"New iPad system for deaf patients at Derriford leaves Plymouth family 'frustrated and upset'"
Well, there's a lot more to this story in The Herald than the press would have you believe.
Derriford Hospital have been trialling iPads with which non-signing hospital staff and signing patients and their families can communicate using SignLive's video remote interpreting service. It has proven to be problematic in some ways. Internet connectivity across the hospital site appears to be patchy (though I wonder if issuing a powerline extender with each iPad could be a simple workable solution), some patients are not used to or comfortable with tablet technology or remote interpreting for various reasons, and - perhaps most importantly - Deaf patients (and perhaps some interpreters) have become suspicious that the cheaper and more immediate SignLive provision is a way to cut costs, thus removing from the Deaf person the choice to have a live interpreter in the room with them.
Not mentioned in the article is the separate issue that the hospital trust has agreed a contract with an interpreting agency that has become extremely slow to pay the interpreters for work done on their behalf at the hospital. Some interpreters remain unpaid and many interpreters in the area have taken the difficult decision to not accept assignments from that agency because they need to make a living. The hospital trust is unable to make interpreter bookings directly with the interpreters or via other agencies because of their contractual commitment to this particular agency. The consequence of this is that it is very difficult for the trust to use live interpreters, and they are left with just the iPad/SignLive solution, which the end users are unfamiliar with and continues to suffer from snags.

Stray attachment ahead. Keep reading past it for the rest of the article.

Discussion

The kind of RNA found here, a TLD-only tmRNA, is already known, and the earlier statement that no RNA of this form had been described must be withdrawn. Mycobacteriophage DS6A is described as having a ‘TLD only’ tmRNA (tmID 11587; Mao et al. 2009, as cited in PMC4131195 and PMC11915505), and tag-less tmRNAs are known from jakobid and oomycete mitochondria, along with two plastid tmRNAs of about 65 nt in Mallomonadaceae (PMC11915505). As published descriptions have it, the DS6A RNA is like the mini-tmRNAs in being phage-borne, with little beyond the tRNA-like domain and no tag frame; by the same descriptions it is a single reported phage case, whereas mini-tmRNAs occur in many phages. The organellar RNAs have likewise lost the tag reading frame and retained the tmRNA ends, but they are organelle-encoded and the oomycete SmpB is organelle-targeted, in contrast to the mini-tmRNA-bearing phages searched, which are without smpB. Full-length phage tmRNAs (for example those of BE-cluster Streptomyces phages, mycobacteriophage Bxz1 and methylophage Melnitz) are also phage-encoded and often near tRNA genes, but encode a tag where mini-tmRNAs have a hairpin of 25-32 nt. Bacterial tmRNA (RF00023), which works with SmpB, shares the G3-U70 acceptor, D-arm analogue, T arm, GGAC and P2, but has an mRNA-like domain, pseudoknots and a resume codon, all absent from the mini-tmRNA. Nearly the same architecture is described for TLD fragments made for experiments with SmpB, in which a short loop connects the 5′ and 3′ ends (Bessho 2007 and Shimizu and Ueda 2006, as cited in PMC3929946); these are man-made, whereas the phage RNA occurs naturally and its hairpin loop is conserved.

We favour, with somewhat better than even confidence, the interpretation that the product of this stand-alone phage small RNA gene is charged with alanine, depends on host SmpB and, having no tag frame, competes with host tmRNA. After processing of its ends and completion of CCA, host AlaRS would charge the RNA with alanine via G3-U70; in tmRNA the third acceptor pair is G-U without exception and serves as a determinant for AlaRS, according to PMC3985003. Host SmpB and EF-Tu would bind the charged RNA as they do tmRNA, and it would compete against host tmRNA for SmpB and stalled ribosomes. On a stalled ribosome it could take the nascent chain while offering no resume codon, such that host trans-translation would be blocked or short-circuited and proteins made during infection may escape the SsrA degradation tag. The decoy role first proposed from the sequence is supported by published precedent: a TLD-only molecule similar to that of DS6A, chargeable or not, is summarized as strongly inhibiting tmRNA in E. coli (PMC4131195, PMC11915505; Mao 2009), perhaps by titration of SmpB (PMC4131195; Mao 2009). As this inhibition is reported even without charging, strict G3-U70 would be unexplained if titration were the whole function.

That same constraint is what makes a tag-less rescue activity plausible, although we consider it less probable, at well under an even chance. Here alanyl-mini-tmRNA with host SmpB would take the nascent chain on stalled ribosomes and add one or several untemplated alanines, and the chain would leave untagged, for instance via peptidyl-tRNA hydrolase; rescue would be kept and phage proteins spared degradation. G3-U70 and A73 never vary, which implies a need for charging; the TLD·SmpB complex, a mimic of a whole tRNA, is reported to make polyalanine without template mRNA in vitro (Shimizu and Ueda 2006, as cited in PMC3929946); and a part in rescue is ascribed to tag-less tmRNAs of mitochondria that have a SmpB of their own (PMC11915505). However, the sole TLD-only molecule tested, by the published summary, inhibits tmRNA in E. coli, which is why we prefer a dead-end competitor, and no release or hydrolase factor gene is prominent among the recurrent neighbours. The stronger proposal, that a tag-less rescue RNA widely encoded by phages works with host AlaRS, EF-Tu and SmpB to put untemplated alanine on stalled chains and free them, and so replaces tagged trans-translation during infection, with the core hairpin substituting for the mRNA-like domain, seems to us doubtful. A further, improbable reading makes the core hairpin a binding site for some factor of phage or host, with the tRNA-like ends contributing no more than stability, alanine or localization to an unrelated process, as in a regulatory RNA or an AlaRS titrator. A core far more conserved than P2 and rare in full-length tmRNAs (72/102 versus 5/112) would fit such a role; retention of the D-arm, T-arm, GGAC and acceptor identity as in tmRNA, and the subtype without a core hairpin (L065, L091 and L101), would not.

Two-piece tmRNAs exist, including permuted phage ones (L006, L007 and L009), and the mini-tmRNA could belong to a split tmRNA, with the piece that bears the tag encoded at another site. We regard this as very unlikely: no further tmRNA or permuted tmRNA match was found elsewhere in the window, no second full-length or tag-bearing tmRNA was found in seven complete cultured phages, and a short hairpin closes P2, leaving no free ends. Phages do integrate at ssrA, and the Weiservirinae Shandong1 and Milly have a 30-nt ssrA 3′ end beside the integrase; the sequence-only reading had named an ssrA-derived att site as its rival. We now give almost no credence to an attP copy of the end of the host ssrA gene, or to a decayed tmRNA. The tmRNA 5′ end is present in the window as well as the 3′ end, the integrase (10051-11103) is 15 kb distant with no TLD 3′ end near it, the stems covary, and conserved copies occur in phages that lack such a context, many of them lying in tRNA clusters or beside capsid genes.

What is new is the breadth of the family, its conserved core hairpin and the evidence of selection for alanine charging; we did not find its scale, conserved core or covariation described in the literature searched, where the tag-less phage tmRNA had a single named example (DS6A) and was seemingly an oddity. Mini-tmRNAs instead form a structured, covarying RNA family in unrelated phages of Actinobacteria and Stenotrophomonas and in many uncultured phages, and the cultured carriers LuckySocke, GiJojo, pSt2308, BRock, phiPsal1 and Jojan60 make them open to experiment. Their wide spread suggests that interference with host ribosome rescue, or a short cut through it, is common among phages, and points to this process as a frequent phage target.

I understand that the hospital trust is looking into that contract in an effort to resolve this failure of interpreter provision.
I think the trust should be commended for embracing video remote interpreting (VRI). The issue of their being locked into a contract with a provider of live interpreting that cannot deliver has become mixed up with the separate issue of VRI. It is important that the use of live interpreters and the use of VRI be considered separately. Yes VRI might be preferentially used by financially constrained public services but are they? I hope that the trust has an open and publicly accessible policy for when they do and do not offer VRI or live interpretation. Historically, when only live interpretation was available, Deaf patients would be highly unlikely to have interpreted access to their care in A&E, at reception, or anywhere a wait of a few days to a few weeks for an interpreter to become available would be inevitable. VRI in principle puts a sign language interpreter into places they have never been, and this is a widening of accessibility, not a narrowing.
There is a net narrowing at present in that hospital because of the problems with their chosen interpreting agency. Hopefully by being open about their interpreting policy and consulting with the local Deaf Community patients will see that VRI provides more access, not less.